Applied Behavior Analysis (ABA) 101
August 31, 2018
Behavior Analysis, or the study of behavior, was introduced a century ago. Science has since validated that the general reason a behavior occurs and may be repeated, can be understood by observing surrounding events, this is known as the principle of reinforcement. ABA, or Applied Behavior Analysis, is an evidence-based treatment method for Autism Spectrum Disorders which uses these techniques and principles to bring about meaningful and positive change in behavior. Through decades of research, the field of ABA has developed many techniques for increasing useful behaviors and reducing those behaviors that may cause harm or interfere with learning, especially in children diagnosed with Autism. ABA was first applied to the treatment of individuals with Autism, and since, intensive ABA treatment has been widely recognized as an effective intervention for Autism Spectrum Disorder by several sources including: The US Surgeon General, American Academy of Pediatrics and National Institute of Mental Health. Beyond serving individuals with Autism, ABA has also shown to be an effective treatment in a variety of areas including parent training, brain injury rehabilitation, substance abuse and more.
Written by: BRIANNA KUHATSCHEK, BA ED
Applied Behavior Analysis (ABA) Tutor/Behavioral Technician, BRAINS
Analysts who practice ABA first address biological and environmental factors that may contribute to a behavior before recommending treatment. This assessment will include the individual and significant supports as the analysts observes behaviors and obtains information relevant to potential treatment. The purpose of this assessment is to identify the function of a behavior and measure current performance in a variety of areas including social, functional, verbal communication skills, etc. Using this information, the analyst will recommend evidence-based interventions and treatment approaches that will assist with skill-acquisition and behavior change. ABA will address antecedent or consequent events that effect the duration, frequency or intensity of the behavior and therefore, techniques generally involve teaching individuals more appropriate responses while changing the social consequences of existing behavior.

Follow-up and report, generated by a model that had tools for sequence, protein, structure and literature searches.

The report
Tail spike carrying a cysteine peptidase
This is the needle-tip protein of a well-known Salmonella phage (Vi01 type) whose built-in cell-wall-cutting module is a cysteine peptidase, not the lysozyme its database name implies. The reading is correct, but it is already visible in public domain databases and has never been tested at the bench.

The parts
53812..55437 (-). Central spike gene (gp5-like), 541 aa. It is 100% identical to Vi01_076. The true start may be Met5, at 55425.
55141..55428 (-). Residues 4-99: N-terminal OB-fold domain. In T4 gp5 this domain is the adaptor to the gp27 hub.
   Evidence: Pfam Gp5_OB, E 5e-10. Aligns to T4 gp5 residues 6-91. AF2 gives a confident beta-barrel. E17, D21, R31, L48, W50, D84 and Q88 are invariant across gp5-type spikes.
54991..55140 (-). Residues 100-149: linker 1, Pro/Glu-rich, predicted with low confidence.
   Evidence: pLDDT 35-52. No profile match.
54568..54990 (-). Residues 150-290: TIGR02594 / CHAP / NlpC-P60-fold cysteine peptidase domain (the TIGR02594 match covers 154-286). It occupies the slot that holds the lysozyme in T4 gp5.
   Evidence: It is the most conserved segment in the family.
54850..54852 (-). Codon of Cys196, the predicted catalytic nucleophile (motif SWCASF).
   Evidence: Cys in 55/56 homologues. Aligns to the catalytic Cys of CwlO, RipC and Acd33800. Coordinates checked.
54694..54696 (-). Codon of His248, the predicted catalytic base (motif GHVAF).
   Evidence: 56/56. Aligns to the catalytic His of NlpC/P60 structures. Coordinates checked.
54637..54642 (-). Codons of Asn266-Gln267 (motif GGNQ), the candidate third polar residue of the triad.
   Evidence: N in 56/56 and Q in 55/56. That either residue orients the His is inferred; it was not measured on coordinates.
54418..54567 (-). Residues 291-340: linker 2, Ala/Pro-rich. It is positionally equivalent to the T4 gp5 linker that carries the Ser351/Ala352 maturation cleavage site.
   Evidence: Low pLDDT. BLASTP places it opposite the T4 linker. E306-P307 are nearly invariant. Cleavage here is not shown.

ABA can occur in any environment including at home, school or in the community. A variety of behavior analytic procedures, some of which are directed by the therapist and others initiated by the individual will be used during treatment. Applied interventions may be taught using structured techniques such as Discrete Trial Teaching (DTT), a method which teaches skill-acquisition in simple, repetitive steps or using Incidental Teaching, an approach that uses naturally occurring events to teach functional or social skills. ABA is often implemented in a one-on-one interaction between the individual and therapist; however, group ABA sessions can be recommended when it is determined that this approach would further support behavior change.